Another revelation is that Starks is the first defensive tackle in franchise history to win the honor, considering his predecessors include Tim Bowens, Daryl Gardener and Bob Baumhower. The award didn’t exist back in the early 1970s when Manny Fernandez was anchoring the No Name Defense.
“It means a lot to me and it feels really good, but it feels better to get a win as a team,” Starks said. “I think we all feel like we’re in a zone as a defense and as an offense so we’re just trying to keep the pressure on it’s a group effort. I’ve always known I can make plays but I can’t do it without my teammates.”
But if there is one person who is not surprised at the kind of season Starks is putting together it’s Taylor, who along with Zach Thomas will officially become members of the Dolphins Honor Roll at halftime of Sunday’s game against the St. Louis Rams. They played mostly in a 4-3 defense early on so Taylor remembers how important the defensive tackles were to the success of the defense.
In Taylor’s last career game last season at home against the New York Jets, Starks had two interceptions of Jets quarterback Mark Sanchez and one sack. That’s when Starks first showcased his ball skills.
“Randy Starks is probably playing the best defensive tackle in the league as we speak,” Taylor said. “Starks and (defensive tackle)
Starks had three tackles, two passes defenses, an interception, a quarterback hit and a half of a sack in Miami’s 17-13 win over the Bengals. His impressive pick of Bengals quarterback Andy Dalton on Cincinnati’s first drive of the second half set up Miami’s offense at the Cincinnati 36. Three plays later running back
Bush won AFC Offensive Player of the Week after his 172-yard, two-touchdown effort in Week 2 against the Oakland Raiders. One of his key blockers, left guard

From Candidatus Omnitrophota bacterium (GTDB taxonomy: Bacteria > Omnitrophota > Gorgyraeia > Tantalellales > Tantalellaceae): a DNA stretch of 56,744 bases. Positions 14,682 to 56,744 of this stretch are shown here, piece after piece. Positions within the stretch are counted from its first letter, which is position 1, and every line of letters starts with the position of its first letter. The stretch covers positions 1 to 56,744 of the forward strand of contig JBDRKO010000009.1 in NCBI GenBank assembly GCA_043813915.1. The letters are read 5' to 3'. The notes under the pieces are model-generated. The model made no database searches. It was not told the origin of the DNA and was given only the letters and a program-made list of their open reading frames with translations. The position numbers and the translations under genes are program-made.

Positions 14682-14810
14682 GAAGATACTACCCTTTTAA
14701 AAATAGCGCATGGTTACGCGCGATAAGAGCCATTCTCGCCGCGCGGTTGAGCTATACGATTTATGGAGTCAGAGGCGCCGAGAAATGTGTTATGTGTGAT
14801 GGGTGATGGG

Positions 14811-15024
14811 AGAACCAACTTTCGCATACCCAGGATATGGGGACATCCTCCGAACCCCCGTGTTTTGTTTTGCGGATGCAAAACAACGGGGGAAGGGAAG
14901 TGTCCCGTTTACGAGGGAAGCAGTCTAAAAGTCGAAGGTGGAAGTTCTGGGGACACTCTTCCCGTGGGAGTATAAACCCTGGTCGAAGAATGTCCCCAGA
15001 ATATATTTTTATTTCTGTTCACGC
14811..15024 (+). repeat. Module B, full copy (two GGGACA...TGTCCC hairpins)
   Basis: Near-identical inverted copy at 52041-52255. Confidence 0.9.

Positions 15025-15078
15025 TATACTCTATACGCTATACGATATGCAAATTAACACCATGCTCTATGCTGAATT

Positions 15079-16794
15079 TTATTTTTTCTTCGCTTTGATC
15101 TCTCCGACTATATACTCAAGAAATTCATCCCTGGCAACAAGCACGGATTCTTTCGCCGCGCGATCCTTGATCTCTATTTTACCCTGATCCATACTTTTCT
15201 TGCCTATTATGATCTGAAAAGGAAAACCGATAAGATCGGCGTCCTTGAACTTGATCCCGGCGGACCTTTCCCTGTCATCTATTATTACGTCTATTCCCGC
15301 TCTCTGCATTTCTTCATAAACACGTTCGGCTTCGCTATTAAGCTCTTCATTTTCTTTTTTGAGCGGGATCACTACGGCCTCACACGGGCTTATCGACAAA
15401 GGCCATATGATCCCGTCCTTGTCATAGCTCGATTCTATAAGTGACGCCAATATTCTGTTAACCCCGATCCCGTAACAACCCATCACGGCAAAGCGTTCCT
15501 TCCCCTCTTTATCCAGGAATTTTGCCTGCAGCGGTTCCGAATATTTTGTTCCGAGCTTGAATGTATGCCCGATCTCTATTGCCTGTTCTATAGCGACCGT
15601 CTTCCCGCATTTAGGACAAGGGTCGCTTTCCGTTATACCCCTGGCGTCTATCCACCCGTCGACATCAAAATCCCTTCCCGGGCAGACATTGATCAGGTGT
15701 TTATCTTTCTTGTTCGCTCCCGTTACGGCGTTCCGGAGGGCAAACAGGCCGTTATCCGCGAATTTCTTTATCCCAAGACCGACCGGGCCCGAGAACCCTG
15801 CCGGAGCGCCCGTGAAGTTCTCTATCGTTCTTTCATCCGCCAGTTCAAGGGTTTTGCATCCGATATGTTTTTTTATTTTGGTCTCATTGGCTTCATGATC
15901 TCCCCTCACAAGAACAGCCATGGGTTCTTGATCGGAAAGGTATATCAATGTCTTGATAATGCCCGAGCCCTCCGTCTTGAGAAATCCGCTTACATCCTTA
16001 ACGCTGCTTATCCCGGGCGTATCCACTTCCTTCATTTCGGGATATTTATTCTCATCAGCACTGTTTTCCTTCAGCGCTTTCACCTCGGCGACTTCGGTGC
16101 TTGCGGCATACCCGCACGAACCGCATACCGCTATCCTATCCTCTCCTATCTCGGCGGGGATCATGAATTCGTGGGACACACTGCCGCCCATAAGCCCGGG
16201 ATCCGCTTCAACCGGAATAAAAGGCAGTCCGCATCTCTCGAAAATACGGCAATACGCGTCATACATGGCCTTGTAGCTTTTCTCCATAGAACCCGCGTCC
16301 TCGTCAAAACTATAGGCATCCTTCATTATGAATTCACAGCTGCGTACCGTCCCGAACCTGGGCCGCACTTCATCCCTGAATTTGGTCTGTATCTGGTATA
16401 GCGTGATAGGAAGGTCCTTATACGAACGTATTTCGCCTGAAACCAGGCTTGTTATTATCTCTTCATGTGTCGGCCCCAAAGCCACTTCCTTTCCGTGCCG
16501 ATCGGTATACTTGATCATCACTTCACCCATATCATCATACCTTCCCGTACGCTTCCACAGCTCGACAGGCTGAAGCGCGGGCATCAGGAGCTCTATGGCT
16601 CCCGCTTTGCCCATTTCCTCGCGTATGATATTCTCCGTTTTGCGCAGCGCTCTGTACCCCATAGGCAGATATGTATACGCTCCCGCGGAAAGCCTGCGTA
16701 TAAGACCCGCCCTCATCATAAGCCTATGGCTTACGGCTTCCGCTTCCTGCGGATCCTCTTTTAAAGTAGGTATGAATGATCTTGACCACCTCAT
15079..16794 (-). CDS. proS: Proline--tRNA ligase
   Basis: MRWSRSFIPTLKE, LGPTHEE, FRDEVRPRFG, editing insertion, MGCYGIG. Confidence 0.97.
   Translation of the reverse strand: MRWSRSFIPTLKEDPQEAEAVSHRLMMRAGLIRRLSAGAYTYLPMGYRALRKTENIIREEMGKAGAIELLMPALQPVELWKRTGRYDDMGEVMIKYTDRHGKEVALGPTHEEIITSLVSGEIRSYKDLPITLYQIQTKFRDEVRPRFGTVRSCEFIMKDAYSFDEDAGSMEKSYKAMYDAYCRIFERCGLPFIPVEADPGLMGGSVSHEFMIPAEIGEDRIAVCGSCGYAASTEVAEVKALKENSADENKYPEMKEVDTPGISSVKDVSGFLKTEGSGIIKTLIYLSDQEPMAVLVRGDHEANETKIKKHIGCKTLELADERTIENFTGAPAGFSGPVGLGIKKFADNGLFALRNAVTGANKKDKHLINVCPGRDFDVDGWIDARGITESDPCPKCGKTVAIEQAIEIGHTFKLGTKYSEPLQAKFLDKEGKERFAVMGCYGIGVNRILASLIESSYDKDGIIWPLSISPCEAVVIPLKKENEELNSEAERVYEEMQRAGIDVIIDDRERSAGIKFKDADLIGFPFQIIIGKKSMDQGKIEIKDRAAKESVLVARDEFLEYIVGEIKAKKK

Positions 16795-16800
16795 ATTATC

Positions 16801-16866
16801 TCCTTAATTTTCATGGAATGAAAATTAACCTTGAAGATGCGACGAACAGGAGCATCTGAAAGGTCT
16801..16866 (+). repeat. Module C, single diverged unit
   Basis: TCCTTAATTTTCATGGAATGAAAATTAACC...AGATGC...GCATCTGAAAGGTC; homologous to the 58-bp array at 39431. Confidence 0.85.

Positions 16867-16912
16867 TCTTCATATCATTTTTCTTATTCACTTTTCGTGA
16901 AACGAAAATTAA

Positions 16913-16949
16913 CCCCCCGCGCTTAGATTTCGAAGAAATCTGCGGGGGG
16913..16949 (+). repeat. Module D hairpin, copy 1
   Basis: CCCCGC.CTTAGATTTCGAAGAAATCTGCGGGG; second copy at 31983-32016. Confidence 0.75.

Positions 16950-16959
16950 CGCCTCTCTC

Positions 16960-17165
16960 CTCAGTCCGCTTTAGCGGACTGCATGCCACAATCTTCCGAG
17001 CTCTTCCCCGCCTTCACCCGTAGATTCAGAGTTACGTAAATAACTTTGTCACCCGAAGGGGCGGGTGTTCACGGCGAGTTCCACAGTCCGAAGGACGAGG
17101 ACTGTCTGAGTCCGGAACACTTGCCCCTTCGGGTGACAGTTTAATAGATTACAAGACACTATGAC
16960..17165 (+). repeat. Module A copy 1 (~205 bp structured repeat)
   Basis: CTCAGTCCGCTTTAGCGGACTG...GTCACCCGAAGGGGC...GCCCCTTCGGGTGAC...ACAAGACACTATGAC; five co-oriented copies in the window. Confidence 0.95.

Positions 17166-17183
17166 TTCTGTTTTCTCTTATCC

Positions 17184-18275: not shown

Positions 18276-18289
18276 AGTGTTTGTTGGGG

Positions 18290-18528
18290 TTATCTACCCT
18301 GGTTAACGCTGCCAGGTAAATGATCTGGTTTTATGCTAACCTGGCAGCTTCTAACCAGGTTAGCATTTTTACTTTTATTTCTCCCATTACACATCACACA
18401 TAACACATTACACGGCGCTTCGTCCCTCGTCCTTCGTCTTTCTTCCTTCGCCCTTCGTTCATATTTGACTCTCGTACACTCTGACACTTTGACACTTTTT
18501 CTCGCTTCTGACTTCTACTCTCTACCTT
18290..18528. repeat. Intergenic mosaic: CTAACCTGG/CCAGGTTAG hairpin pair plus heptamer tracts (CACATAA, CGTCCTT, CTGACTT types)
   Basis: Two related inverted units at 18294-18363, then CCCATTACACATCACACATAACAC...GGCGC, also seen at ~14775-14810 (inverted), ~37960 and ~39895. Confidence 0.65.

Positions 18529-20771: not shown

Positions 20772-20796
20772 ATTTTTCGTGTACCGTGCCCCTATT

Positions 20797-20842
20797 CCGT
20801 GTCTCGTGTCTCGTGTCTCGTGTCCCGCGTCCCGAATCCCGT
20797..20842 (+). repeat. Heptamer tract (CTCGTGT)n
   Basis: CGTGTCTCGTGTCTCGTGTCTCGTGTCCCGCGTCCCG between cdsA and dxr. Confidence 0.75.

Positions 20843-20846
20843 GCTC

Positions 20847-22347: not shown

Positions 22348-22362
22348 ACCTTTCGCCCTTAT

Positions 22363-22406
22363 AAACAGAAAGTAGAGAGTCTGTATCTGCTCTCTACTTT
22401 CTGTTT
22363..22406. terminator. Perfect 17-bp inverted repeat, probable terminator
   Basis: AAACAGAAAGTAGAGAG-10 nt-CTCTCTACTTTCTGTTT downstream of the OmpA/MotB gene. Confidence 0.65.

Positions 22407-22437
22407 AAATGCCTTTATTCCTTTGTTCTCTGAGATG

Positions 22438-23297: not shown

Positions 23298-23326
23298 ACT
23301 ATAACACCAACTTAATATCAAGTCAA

“I’m not surprised at all by it,” Incognito said. “He’s a talented guy and he’d been playing in a 3-4 and was causing problems so I knew once they moved him down to a three technique he’d be a load to handle. He’s a big, physical guy and he’s quick and athletic and he’s a smart football player. He knows what’s going on, so it’s really challenging to get him blocked.”
The head coach of this week’s opponent, Jeff Fisher, drafted Starks in the third round back in 2004 and knew then he had the potential to be an impact player in the NFL. He lost him to the Dolphins in free agency prior to the 2008 season.
“We thought Randy had a great deal of potential. We drafted him fairly high and Randy did a nice job for us,” said Fisher during his conference call with the local media. “He knew (if) he continued to work that he was going to be a good football player. We weren’t able to keep him there in free agency and he’s played very, very well. I was talking with (offensive coordinator) Coach (Brian) Schottenheimer about him last night and Brian says, ‘It seems like every time they play the Dolphins, Randy makes a big play in the ball game, whether it’s an interception, or a sack, or a caused fumble.’ I’m happy to see him playing so well.”
Starks’ performance at Cincinnati came one week after defensive end
“My idol growing up was Deion Sanders so I always thought I was a defensive back but I didn’t have the body for it,” Starks said. “I just liked his swag and everybody wanted to be Deion growing up. I’ve got a good vertical leap and I can dunk a basketball.”
That means Rams quarterback Sam Bradford is going to want to avoid throwing the ball too low this Sunday.